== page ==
The Web site FairTip.org is dedicated to helping restaurant servers get that to which they think they are entitled. The site's author lays out the case for what can only be described as forced tipping:
Occasionally, every restaurant or bar server has a night, when after they tip-out following a ten-hour shift they take home a lot less than minimum wage. It happens. Sometimes a table of 8 feel [a] couple bucks apiece is enough on a $250 tab. Another table, upset with the kitchen stiffs the waiter altogether, as if the server cooks the food.All errors in grammar and punctuation aside, the case presented is absurd on its face. We're supposed to believe that "servers are paid just a little over $2 an hour"? Please. If that were true, waiting tables would quickly become one of those "jobs Americans won't do" we keep hearing about in the immigration debate. The fact is that while most restaurant servers earn a set minimum wage of $2.13 per hour, they are actually paid much more than that.
The fact is: most customers don't know servers are paid just a little over $2 an hour! At a minimum, a 20% tip is only fair! Some customers, if given the facts, would be more generous with tipping. Others, would not. For all customers, a little information, and, a real incentive would lead to fair tips.
Zagat Survey, "the world's leading provider of consumer survey-based dining, travel and leisure information," reported in its 2005 America's Top Restaurant Guide that the average tip had increased the previous year from 18.4 percent to 18.6 percent. Currently, servers in Atlanta and Philadelphia enjoy an average tip of 19.2 percent. What's more, if an employee's direct wage plus tips do not equal the federal minimum wage of $5.15 per hour, then the employer is required to make up the difference. So, at the very least, restaurant servers are actually making $3 per hour more than the folks at FairTip.org would have us believe.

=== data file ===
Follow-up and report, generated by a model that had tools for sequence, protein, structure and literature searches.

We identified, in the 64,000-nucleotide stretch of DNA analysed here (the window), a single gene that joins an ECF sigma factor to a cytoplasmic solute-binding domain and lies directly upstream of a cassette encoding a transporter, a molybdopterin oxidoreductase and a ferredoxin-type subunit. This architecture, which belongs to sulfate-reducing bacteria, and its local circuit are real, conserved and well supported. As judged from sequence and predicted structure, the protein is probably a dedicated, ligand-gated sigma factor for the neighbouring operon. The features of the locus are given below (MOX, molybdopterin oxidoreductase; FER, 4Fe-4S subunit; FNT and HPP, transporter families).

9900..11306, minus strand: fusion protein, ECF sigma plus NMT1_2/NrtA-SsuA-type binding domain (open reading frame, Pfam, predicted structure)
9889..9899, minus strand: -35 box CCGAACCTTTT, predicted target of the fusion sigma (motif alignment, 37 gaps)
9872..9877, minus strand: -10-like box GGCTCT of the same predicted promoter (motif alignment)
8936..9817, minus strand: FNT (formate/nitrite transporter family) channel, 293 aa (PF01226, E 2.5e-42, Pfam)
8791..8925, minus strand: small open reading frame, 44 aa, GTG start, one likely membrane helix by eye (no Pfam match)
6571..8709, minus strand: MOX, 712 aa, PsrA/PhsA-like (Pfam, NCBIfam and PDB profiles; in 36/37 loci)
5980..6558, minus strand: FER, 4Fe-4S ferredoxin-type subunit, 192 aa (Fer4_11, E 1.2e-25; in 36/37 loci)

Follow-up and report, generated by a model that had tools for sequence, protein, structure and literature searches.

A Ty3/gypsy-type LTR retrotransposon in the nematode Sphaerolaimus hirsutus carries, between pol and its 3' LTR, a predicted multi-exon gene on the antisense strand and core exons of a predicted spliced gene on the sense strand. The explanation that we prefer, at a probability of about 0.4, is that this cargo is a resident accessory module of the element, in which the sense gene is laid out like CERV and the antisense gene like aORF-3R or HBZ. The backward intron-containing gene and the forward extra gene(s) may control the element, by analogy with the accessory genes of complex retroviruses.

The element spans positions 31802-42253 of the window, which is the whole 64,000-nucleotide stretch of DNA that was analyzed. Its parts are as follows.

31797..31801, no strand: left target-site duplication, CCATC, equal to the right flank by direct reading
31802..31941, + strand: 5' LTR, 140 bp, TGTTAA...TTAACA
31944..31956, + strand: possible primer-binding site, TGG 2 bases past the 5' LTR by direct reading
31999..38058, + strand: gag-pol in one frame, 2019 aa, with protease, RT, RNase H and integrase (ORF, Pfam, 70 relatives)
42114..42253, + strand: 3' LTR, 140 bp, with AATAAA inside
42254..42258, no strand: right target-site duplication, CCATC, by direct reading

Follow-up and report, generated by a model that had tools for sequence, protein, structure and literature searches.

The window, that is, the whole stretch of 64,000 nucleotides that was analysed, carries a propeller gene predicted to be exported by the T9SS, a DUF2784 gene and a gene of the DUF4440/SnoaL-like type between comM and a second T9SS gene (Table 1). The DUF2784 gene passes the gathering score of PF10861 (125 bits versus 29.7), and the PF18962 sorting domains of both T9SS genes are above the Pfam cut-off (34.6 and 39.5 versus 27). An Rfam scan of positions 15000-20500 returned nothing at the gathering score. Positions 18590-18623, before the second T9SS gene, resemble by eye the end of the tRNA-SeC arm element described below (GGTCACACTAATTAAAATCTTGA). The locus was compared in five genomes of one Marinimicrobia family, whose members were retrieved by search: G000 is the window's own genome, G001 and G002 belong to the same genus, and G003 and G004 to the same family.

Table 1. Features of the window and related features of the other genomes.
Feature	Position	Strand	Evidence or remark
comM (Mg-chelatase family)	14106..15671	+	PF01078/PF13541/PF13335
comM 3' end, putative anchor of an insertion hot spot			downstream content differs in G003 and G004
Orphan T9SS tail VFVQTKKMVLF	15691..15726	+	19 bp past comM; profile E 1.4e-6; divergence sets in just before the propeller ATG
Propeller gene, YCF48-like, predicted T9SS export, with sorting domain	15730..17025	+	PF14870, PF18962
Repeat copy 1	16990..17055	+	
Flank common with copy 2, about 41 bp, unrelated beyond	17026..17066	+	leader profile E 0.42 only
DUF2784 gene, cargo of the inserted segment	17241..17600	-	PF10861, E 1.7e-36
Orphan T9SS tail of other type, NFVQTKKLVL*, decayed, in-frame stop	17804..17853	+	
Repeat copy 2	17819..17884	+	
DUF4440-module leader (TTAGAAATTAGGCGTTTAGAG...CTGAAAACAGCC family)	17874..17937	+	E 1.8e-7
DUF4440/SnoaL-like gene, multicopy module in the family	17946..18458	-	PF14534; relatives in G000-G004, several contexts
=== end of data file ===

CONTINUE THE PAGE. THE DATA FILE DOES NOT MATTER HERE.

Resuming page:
But since when have those with an entitlement mentality ever been truthful? Consider what FairTip.org proposes as a solution:
We will contact the N.R.A. (National Restaurant Association) to have an automatic gratuity of 20% added to every check [and] encourage restaurants to increase their prices in order to pay the servers a higher hourly wage or 20% of their sales as tips. By implementing either of those ideas, we eliminate the risk of customers not tipping fairly for service.Again, without going into the author's poor writing skills, this proposal makes no sense. A guaranteed increase in pay with no guaranteed corresponding increase in the quality of service (i.e., something for nothing) goes against all logic one would expect of people living and working in a free-market economy. If anything, such a policy would have a negative effect, driving customers away from restaurants and bars - and then the whiny waiters who feel they are entitled to other people's money will be just as bad off financially as they think they are now.
Why would this be a great idea? It is a given fact that the restaurants have high turnover rates. By setting a standard for service, and by guaranteeing fair compensation for servers, restaurants will be able to attract high quality, professional staff that in turn will provide [a] level of service that is desired by both the customers and owners alike.
FairTip.org is merely another example of Americans' entitlement mentality. We tend to take things for granted and get upset when we don't get what we think we deserve. People all across the world have to suffer through famines, wars, and natural disasters that wipe out entire villages, but nothing compares to the misery of an under-tipped waiter!
Look. Enough complaining about what's fair or unfair. If you don't think your meager tip earnings reflect the quality of your service, chances are they probably do. Don't like it? You can always quit and look for another job.
But before you go, could I get another refill on this iced tea? Thanks!